], although difficulties, such as the complexity of the device structure and fabrication process and a very high heat dissipation density of the light concentrated on the single integrated cell, will reduce the efficiency in real applications with problems to be solved in the future.

Another useful approach was proposed to use passive optical devices without energy loss to split the solar spectrum into multiple sub-spectrum regions, each matching the energy band structure of the material with higher photovoltaic conversion efficiency in the sub-region [14

14. E. D. Jackson, “Areas for improvement of the semiconductor solar energy converter,” in Transactions of the Conference on the Use of Solar Energy (University of Arizona Press, 1955), p. 122.

, 15

15. R. L. Moon, L. W. James, H. A. Vander Plas, T. O. Yep, G. A. Antypas, and Y. Chai, “Multigap solar cell requirements and the performance of AlGaAs and Si cells in concentrated sunlight,” in 13th Photovoltaic Specialists Conference (IEEE, 1978), pp. 859–867.

]. Very high conversion efficiency has been reported recently by using a configuration in which single and multiple junctions of solar cells were used, separated by a dichroic prism which reflects light above 1.4 eV and passes light below 1.4 eV with the element arrangement of (GaInP/GaAs tandem cell)/ (dichroic prism)/ (Si single junction cell)/(GaInAsP/GaInAs tandem cell) [16

16. A. Barnett, D. Kirkpatrick, C. Honsberg, D. Moore, M. Wanlass, K. Emery, R. Schwartz, D. Carlson, S. Bowden, D. Aiken, A. Gray, S. Kurtz, L. Kazmerski, M. Steiner, J. Gray, T. Davenport, R. Buelow, L. Takacs, N. Shatz, J. Bortz, O. Jani, K. Goossen, F. Kiamilev, A. Doolittle, I. Ferguson, B. Unger, G. Schmidt, E. Christensen, and D. Salzman, “Very high efficiency solar cell modules,” Prog. Photovolt. Res. Appl. 17(1), 75–83 (2009). [CrossRef]

,17

17. M. A. Green and A. Ho-Baillie, “Forty three percent composite split-spectrum concentrator solar cell efficiency,” Prog. Photovolt. Res. Appl. 18(1), 42–47 (2010). [CrossRef]

].

In the present work we study a method in which the main solar radiation in the 300-1800 nm wavelength range is split into 5 sub-spectral regions by using 4 passive dielectric band-pass film filters, matching them optimally to the photovoltaic response of 5 individual photocells with only one P-N junction working in each region. Results with detailed data reduction and analysis show that the method demonstrated in this work, assembling a set of photocells, each with higher photovoltaic response matching a sub-spectrum of the solar spectrum, can achieve higher efficiency. Advanced wavelength-division-multiplexing (WDM) bandpass-filter technology [18

18. R. R. Willey, “Achieving narrow bandpass filters which meet the requirements for DWDM,” Thin Solid Films 398–399, 1–9 (2001). [CrossRef]

,19

19. R. Ramaswami and K. N. Sivarajan, Optical Networks: A Practical Perspective (Morgan Kaufmann, 1999).

], which was well developed in the optical communication field in the last decade, can be effectively transferred and applied to the solar energy field. The method reported here provides a way with significant advantage and indicates that more proper materials with suitable band structures can be selected to achieve high photovoltaic conversion efficiency in a narrow solar spectrum region which can be finely tuned by using conventional dielectric band-pass filters with sharp spectral edges to completely avoid optical interference and lattice mismatch effects presented in the usual tandem solar cell. The optical and electric properties of each individual cell containing only one P-N junction to play the role of photovoltaic conversion can be greatly improved. The device structure design and fabrication process can be optimized to enhance the power output by minimizing the internal resistance and other side effects, as well as to reduce the heat dissipation density by dispersing the highly concentrated solar radiation into a set of spectrally-isolated cells.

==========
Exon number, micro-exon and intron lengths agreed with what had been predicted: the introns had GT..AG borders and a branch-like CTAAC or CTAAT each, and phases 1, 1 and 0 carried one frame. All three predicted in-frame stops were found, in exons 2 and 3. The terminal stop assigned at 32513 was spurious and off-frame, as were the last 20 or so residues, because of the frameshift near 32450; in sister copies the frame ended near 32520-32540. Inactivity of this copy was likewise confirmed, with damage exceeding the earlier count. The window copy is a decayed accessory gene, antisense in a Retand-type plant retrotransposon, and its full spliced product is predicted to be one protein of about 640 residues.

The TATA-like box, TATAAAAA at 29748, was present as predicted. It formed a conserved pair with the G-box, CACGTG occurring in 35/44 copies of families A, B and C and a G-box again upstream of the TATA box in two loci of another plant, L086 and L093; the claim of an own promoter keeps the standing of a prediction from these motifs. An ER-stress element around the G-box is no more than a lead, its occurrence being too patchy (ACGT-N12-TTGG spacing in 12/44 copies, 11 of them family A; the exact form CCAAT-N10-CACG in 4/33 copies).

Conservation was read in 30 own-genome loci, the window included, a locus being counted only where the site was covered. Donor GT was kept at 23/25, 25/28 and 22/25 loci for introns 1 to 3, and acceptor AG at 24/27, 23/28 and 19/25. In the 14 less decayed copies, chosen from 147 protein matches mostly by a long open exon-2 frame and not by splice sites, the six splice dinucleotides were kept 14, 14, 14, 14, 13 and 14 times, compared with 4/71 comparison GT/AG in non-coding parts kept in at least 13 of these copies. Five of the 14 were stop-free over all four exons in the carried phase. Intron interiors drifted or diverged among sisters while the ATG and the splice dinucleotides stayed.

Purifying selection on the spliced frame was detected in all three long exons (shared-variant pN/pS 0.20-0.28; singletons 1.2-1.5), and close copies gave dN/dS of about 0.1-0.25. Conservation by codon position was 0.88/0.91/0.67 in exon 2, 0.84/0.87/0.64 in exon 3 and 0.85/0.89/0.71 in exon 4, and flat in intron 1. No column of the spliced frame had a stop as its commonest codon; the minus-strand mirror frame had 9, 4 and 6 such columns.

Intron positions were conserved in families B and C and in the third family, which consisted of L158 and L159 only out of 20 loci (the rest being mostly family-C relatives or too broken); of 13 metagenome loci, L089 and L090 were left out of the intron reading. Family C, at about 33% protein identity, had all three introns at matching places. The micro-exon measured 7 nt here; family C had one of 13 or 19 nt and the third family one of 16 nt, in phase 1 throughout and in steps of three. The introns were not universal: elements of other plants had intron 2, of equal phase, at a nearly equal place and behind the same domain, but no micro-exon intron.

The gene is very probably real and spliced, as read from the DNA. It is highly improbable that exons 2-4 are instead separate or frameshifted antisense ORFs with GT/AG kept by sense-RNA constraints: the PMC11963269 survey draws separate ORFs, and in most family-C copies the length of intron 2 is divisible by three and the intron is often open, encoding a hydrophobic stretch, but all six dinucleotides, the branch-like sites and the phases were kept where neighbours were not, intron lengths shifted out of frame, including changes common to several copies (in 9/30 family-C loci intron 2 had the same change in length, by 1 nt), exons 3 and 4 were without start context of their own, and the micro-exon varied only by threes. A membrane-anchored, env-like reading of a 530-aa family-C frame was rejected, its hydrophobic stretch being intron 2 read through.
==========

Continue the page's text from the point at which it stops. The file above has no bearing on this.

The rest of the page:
2. Theoretical models

The electron current of the solar cell is generated by absorbing the photons entering the cell. Photons with energy equal to or greater than the band gap Eg are absorbed. Disregarding reflection, we assume that each photon produces only one electron-hole pair and all photon-generated carriers are collected to produce the power output. The reverse-saturated current arises from the radiative recombination of electron-hole pairs. Assuming that the solar cell is a perfect blackbody in absorbing the radiation and each photon produces only one electron-hole pair in the recombination processes, Iiph and Ii0 can be given by [6

6. A. D. Vos, “Detailed balance limit of the efficiency of tandem solar cells,” J. Phys. D. Appl. Phys. 13(5), 839–846 (1980). [CrossRef]

]
Iphi=q(FphF0),I0i=qF0,
(2)
where Fph and F0 are the number of photons absorbed and radiated per second and can be written as
Fph=Aλnλn+1Nphi(λ)dλ,F0=2AEg/hN0i(ν)dν,
(3)
where A is the effective area of the solar cell, Eg is the bandgap for solar cell, Niph (λ) and N0i(ν) are the absorbed and radiated photon numbers per unit area and per second at wavelengths between λn and λn + 1 corresponding to the nth sub-spectral window, respectively, and can be written as
Nphi(λ)=CeEλhc,N0i(ν,TC)=2πc2ν2exp(hν/kTC)1,
(4)
where Ce is the energy concentration ratio for the incident solar energy E under 1 sun radiation, c is the velocity of light, ν is the photon frequency and h is Planck’s constant. In terms of the I-V characteristic of the ith ideal solar cell, therefore, Eq. (1) can be written as

Ii(Vi)=qAλnλn+1CeEλhcdλ4πqAc2exp(qVikTC)Eg/hν2exp(hν/kTC)1dν.
(5)

The output power Pi of the ith ideal solar cell is

Pi=IiVi.
(6)

The voltage Vim and current Iim at the maximum power output condition can be obtained from the condition

PiVi=0.
(7)

The voltage Vim at maximum power output obeys the following equation:
[1+qVmikTC]exp(qVmikTC)=h2c4πk3TC3λnλn+1CeEλdλm=11m3[ye2y+2yey+2ey]y=mEg/kTC
(8)
and the maximum power output Pmi=ImiVmi can be expressed as

Pmi=qAVmiλnλn+1CeEλhcdλ4πqAc2k3TC3h3Vmiexp(qVmikTC)m=11m3[ye2y+2yey+2ey]y=mEg/kTC.
(9)